Piketty centers this dismissive argument on the sentiment that Marx evokes,3 (ostensibly highlighted in the Communist manifesto) rather than the structure of nineteenth-century industry that Marx analyzes in Das Kapital, volumes I–III ([1887] 1992), [1893] 1967, [1894] 1954); The economic and philosophical manuscripts of 1844 ([1844] 1964); Theories of surplus value ([1862–63] 1952); The Grundrisse ([1857] 1973), and elsewhere. Neither Marx’s nonfiction essays on the US Civil War nor his correspondence with US President Abraham Lincoln on [503]the global workers’ movement show up in Piketty’s “interdisciplinary” account.4 It is baffling that Piketty would center his discussion of Marx’s work on the brief pamphlet that makes up the Communist manifesto and derive his sense of what Marx was up to from the political context that supposedly inspired him. It inclines one to wonder what would happen if we do the same for Piketty: To what extent does Piketty’s effort to position himself as an ecumenical economist derive from the aftermath of the 2006 subprime and 2008 financial crises and the dismay of the general populace that academics are often ill-equipped to anticipate and address problems plaguing the world we inhabit? In what sense is Piketty riding the more precise backlash against Milton Friedman and the marginal utility school of economics championed perhaps most notably by neoclassical economists associated with the University of Chicago Economics Department? Might Piketty’s stance be a crafty response to the wave of interdisciplinarity sweeping the academy? Is it fair to read Piketty’s intervention as a shrewd way to benefit from the fact that the aforementioned economic dynamics have created an audience—a market—for specialists who can translate economic science into accessible prose and parlay that skill on presses that bridge the academic and trade book marketplaces? If so, does the resurgence of intellectual interest in “capital” have anything to do with a broader tendency to promote finance capital as a solution to social problems that might otherwise be conceived as problems of infrastructure?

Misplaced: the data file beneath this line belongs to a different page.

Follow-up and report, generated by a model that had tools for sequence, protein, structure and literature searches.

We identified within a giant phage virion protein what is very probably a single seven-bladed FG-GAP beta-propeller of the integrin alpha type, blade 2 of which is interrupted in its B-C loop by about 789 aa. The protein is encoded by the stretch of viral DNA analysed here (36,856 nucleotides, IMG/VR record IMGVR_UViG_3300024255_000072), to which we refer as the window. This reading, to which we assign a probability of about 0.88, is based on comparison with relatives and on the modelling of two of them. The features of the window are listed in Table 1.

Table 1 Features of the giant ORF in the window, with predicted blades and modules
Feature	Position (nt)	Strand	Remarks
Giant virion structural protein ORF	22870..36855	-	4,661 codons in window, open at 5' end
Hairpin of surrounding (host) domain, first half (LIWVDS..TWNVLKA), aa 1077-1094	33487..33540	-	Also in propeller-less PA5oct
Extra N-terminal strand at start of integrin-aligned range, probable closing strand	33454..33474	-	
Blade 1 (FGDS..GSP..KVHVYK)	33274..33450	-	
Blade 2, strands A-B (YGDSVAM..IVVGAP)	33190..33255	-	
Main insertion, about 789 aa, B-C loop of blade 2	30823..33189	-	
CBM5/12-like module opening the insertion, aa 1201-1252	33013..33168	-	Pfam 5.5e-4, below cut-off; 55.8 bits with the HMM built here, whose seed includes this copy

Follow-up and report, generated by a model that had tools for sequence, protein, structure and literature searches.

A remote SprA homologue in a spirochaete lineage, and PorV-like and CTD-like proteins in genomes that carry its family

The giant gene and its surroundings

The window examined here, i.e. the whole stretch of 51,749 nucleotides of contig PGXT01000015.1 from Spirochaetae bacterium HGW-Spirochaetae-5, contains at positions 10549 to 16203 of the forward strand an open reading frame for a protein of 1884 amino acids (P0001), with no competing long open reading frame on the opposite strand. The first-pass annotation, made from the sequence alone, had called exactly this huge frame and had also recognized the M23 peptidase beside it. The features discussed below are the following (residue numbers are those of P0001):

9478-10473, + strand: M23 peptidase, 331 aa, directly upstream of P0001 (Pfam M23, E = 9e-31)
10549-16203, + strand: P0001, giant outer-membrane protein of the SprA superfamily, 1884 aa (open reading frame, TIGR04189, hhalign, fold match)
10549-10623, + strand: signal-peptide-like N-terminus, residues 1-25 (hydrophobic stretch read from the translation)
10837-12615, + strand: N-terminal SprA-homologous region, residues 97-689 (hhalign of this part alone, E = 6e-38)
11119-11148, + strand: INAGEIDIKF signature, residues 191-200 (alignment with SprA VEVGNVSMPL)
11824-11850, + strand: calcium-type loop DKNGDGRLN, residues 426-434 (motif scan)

Consider how libertarian and conservative critiques to the Affordable Care Act rejected the premise of universal health care by suggesting that young people are generally healthy and that the few supposed outliers who will eventually need urgent medical care would be better served by disaster health insurance. This effort to promote finance capital (insurance) as a solution to problems of infrastructure (a robust health care system) shares a logic with the proposition set forth in The Economist in the days following Haiti’s devastating January 12, 2010 earthquake— that the smoothest path to recovery lies in catastrophe bonds that can be purchased in advance of such a calamity and later cashed in5 (as opposed to paved roads and well-maintained health care facilities and resources devoted to emergency response). Of course, the aftermath of Hurricane Katrina in 2005 renders The Economist proposal hollow. While it was common to harangue New Orleanians for not having enough insurance to account for the losses they suffered, it is worth noting that many people in fact had hurricane insurance yet could not collect on their policies because underwriters ruled that it was the flood occasioned by the breach of the levees and not the hurricane that caused damage to their homes. And, contrary to the principles that champions of free market finance promote, the only flood insurance available to US citizens derives from a government program managed by the Federal Emergency Management Agency (FEMA). Whether or not NOLA residents should have anticipated the eventual levee breech and purchased flood insurance just in case is irrelevant since the amount of capital available in government [504]coffers was minuscule compared to the capital required to furnish flood insurance for the vast population who incurred losses.6

From this vantage, Piketty misses a chance to engage with the most salient aspect of Marx’s analysis of capital: his insistence that social life emerges in the tension between material transformation and social perception. Given the complicated social and economic landscape in which Piketty’s celebrity has taken root, his seeming disregard for Marx’s central concern is ironic. It is doubly ironic, given Piketty’s choice of theme and title, a transparent effort to pen his own version of Capital “in the twenty-first century” (echoing Marx’s Das Kapital). It is triply ironic because Piketty spends such little time explaining what he means by capital while Marx’s work sought to demonstrate that capital cannot function apart form the way it is conceptualized and that it is conceptualized anew in different historical moments and geographic locations. Overlooking the robust theoretical tradition that Marx inaugurated, Piketty is scarce on the reasons readers ought to favor his own approach as the most useful way to understand capital since the late eighteenth century.